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In the Growing Industry of Data Centers, D-FW is a Powerhouse

Dallas-Fort Worth’s data center market has rocketed to the second spot in the world by some measures, behind northern Virginia, as demand from the region’s vast corporate operations expands. That means big money-making opportunities.

How does D-FW stack up?

Though data centers are sort of like warehouses in that they’re places to store a lot of stuff, their capacity isn’t measured in square feet. For the people who build data centers, it’s power — measured in megawatts — that counts. The more servers you can run, the more data you can store. And power is the most expensive part of running a data center. So how does D-FW stack up with other markets? According to a recent CBRE report, we’ve surpassed Chicago and Silicon Valley.

Experts say that as companies move more of their functions into the cloud, data center operators are scurrying to scoop up tenants — businesses that don’t want to build their own data centers, which require expensive security and other infrastructure, but have too much crucial data to store on servers at their offices, where they might be more likely to fail. Another driver of data center growth is global companies whose business models rely on moving information quickly. All of that is why AllianceTexas, a huge master-planned development and logistics hub in north Fort Worth, is going all in on data centers.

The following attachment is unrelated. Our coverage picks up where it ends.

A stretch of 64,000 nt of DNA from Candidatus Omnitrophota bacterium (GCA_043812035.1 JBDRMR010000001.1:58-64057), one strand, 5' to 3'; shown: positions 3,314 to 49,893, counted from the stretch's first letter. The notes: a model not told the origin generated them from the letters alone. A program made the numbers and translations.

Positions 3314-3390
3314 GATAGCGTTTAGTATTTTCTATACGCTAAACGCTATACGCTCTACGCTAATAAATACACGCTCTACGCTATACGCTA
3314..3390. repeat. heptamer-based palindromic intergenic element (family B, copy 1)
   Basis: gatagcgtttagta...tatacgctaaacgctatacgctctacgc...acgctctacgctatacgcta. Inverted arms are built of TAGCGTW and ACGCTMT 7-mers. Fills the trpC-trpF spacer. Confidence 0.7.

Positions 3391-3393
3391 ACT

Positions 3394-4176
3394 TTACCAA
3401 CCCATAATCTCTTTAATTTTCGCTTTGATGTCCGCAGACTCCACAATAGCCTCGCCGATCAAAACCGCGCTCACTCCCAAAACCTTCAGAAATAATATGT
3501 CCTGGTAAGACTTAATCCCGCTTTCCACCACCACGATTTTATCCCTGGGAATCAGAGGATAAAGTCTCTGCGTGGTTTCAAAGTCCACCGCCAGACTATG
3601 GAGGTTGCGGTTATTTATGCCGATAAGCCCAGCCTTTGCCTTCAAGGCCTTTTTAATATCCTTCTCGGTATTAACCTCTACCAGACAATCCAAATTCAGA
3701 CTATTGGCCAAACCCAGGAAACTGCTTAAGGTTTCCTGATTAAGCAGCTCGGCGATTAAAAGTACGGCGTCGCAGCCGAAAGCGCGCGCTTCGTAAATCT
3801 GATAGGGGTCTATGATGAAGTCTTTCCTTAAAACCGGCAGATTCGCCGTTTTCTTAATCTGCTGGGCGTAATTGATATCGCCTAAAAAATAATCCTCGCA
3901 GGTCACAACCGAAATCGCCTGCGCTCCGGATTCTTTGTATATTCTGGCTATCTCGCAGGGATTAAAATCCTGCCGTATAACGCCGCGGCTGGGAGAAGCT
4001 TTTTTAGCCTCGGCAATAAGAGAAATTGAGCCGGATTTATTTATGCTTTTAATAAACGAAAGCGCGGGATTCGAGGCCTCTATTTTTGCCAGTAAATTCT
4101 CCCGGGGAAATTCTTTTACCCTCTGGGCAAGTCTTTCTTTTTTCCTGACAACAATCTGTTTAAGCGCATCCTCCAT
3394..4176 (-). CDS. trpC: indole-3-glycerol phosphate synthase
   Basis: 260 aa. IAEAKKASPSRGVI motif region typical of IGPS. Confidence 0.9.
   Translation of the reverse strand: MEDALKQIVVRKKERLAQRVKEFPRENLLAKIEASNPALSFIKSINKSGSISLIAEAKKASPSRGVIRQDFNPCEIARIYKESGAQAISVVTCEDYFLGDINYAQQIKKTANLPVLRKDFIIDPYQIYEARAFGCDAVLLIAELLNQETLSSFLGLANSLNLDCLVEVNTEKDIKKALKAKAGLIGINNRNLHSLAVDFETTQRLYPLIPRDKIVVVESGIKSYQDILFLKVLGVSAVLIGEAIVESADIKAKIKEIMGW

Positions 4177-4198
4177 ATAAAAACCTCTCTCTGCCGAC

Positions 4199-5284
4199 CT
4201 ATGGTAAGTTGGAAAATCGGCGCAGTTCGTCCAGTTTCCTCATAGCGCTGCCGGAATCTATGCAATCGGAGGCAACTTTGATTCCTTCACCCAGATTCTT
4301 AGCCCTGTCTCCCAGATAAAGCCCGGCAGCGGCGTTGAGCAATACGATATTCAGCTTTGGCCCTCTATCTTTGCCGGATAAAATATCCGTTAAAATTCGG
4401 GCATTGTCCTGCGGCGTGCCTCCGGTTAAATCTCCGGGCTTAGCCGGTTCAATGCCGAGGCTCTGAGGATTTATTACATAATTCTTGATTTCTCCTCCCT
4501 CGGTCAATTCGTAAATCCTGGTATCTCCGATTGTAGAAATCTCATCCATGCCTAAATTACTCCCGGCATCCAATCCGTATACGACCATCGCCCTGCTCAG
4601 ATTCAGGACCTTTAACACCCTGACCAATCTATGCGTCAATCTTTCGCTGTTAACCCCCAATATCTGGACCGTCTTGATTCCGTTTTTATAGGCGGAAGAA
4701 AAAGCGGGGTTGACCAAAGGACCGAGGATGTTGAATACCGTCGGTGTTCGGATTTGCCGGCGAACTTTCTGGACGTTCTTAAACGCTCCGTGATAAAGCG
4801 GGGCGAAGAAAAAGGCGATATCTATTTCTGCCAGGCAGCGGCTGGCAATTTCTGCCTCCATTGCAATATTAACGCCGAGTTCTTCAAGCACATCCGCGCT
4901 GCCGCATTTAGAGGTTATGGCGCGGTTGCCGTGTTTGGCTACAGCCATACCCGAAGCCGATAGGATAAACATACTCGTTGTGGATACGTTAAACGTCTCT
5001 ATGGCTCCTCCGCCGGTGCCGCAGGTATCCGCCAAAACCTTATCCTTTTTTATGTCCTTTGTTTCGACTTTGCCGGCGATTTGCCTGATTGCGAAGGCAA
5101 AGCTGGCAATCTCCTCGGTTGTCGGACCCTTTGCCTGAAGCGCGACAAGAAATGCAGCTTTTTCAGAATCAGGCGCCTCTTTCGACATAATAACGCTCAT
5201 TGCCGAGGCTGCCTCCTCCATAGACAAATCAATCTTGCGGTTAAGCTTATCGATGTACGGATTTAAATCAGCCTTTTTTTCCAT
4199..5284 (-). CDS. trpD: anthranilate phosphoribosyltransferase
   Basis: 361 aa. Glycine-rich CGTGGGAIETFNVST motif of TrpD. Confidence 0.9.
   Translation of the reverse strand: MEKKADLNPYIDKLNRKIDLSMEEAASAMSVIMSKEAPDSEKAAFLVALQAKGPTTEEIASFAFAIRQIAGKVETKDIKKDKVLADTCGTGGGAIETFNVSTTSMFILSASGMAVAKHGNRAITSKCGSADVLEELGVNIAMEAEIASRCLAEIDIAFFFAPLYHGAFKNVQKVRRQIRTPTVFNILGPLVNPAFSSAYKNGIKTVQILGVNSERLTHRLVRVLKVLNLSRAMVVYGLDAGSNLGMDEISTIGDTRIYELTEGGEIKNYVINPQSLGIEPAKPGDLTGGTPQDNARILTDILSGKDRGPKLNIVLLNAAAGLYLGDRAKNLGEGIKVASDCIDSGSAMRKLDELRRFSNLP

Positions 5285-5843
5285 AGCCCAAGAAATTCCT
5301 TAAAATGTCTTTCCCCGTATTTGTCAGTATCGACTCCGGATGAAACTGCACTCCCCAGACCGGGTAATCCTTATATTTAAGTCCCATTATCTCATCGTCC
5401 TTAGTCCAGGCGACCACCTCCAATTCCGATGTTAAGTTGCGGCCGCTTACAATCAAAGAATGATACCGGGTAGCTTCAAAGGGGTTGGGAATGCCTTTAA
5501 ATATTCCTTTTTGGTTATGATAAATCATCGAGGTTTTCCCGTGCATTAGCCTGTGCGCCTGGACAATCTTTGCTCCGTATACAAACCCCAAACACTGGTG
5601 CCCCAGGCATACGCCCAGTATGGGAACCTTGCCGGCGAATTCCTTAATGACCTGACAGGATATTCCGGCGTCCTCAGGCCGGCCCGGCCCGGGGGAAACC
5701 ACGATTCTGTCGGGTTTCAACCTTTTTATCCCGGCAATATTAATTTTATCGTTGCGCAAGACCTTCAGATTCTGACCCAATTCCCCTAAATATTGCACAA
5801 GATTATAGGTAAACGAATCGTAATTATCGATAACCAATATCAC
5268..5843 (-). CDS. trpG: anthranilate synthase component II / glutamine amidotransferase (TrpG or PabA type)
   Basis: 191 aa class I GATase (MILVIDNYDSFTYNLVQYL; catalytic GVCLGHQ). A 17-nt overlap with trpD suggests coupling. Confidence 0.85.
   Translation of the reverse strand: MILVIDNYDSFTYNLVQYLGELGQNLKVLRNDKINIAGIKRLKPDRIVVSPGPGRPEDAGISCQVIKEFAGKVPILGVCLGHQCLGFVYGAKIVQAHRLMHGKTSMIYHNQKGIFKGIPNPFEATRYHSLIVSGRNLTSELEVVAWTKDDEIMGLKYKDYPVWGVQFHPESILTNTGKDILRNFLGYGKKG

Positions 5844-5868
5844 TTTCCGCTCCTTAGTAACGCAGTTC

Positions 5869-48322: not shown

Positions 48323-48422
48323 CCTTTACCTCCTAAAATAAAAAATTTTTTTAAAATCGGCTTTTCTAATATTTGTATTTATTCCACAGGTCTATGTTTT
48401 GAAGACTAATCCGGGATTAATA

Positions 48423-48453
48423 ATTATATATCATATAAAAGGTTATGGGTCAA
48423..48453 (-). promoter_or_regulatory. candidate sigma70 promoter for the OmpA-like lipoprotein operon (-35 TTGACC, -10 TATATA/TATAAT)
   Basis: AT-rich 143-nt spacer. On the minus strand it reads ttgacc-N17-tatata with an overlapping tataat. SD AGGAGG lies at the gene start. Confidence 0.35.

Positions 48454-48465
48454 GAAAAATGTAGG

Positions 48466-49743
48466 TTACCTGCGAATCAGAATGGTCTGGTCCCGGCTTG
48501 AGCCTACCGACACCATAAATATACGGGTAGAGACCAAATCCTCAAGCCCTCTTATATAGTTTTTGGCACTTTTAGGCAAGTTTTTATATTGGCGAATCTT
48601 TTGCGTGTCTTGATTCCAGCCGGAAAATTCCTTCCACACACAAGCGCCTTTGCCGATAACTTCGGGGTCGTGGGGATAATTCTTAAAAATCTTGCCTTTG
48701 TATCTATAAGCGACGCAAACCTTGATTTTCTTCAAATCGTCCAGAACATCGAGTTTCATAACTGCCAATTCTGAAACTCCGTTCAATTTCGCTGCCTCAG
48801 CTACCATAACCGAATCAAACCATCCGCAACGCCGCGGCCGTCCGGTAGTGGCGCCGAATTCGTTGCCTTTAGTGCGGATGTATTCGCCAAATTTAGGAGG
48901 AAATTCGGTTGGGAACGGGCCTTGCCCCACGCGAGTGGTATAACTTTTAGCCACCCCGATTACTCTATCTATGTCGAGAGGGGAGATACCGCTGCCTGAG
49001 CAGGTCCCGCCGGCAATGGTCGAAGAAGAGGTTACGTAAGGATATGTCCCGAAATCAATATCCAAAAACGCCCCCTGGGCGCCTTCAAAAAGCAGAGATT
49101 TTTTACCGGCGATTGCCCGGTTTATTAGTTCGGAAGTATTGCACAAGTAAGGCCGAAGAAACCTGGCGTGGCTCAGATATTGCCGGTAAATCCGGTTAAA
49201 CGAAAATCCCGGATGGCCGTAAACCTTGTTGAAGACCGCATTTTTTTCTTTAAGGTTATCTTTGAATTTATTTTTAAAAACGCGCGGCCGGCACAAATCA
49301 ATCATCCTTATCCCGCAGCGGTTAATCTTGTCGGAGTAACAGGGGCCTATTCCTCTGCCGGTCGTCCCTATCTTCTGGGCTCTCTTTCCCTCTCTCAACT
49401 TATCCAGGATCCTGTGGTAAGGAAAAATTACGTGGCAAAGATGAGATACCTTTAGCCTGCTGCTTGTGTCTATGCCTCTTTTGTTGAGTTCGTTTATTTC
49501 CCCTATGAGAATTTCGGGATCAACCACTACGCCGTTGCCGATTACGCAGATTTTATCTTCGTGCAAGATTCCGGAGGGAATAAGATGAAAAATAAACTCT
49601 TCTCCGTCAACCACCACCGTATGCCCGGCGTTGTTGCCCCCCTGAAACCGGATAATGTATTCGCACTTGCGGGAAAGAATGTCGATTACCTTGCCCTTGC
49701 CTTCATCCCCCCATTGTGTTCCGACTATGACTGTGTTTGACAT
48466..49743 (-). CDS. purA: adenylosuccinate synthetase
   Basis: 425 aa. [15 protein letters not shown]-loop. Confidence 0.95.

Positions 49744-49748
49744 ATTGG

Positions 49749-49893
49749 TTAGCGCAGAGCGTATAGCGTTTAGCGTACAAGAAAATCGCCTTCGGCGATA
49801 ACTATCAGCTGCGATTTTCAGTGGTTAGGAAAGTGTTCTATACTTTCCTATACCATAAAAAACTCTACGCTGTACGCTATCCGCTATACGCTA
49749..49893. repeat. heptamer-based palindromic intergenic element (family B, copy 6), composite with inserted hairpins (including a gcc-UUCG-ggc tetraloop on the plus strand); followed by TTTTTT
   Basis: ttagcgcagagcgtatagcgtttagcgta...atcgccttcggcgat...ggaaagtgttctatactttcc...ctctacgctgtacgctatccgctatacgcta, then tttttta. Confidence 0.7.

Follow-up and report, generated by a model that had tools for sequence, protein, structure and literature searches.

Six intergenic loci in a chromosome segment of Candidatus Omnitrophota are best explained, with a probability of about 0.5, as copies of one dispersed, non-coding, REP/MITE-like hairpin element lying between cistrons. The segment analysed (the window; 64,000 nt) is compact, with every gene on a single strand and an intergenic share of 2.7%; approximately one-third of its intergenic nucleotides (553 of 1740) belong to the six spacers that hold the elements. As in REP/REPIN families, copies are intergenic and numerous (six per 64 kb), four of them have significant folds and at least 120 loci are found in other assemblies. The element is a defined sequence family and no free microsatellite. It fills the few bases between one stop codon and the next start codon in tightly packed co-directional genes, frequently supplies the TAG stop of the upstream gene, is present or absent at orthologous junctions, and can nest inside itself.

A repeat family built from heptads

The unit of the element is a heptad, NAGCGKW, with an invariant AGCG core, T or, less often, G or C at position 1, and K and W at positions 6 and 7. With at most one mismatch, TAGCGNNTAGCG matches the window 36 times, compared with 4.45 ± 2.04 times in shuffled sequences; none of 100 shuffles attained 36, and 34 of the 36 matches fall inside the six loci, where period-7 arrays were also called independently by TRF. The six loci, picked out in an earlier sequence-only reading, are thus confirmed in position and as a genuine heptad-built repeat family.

AllianceTexas data center: 
— Contains 150-acre, $1 billion Facebook data center
— Powered by a new 200-megawatt wind farm
— 350-400 acres available for future data center campuses
— 400 megawatts of new data center supply when complete

“Facebook’s $1 billion investment confirmed AllianceTexas as a premier data center location, capable of supporting the exponentially growing demands and requirements of … users. Rapid growth throughout the metroplex has created a scarcity of land options to support those requirements.”
— Reid Goetz, vice president of Hillwood Properties, developer of AllianceTexas

Power play

One of the reasons North Texas is so attractive for data centers is its relatively low energy costs — and over the last four years, those costs have been declining, according to a 2016 JLL report.

“You and I are touching data centers all day long every day. … I’ve used Uber today, I’ve bought coffee on my phone today, I have transferred money to my teenager’s account today — that’s all happening on a server in a bunkered building. … It’s impactful.”
— Bo Bond, managing director and co-leader of JLL’s Data Center Solutions team

Industry demand

A wide range of industries store massive amounts of data. Here’s how demand breaks down in Dallas-Fort Worth.

“The way our digital lives are affecting the physical world — our cities, our offices — is fascinating. Mix in the way real estate impacts the broader economy, and you’ve got a market to watch closely.”
— Jill Cowan, staff writer, The Dallas Morning News

SOURCES: JLL North America Data Center Outlook 2016; AllianceTexas; CBRE U.S. Data Center Trends Report Q4 2016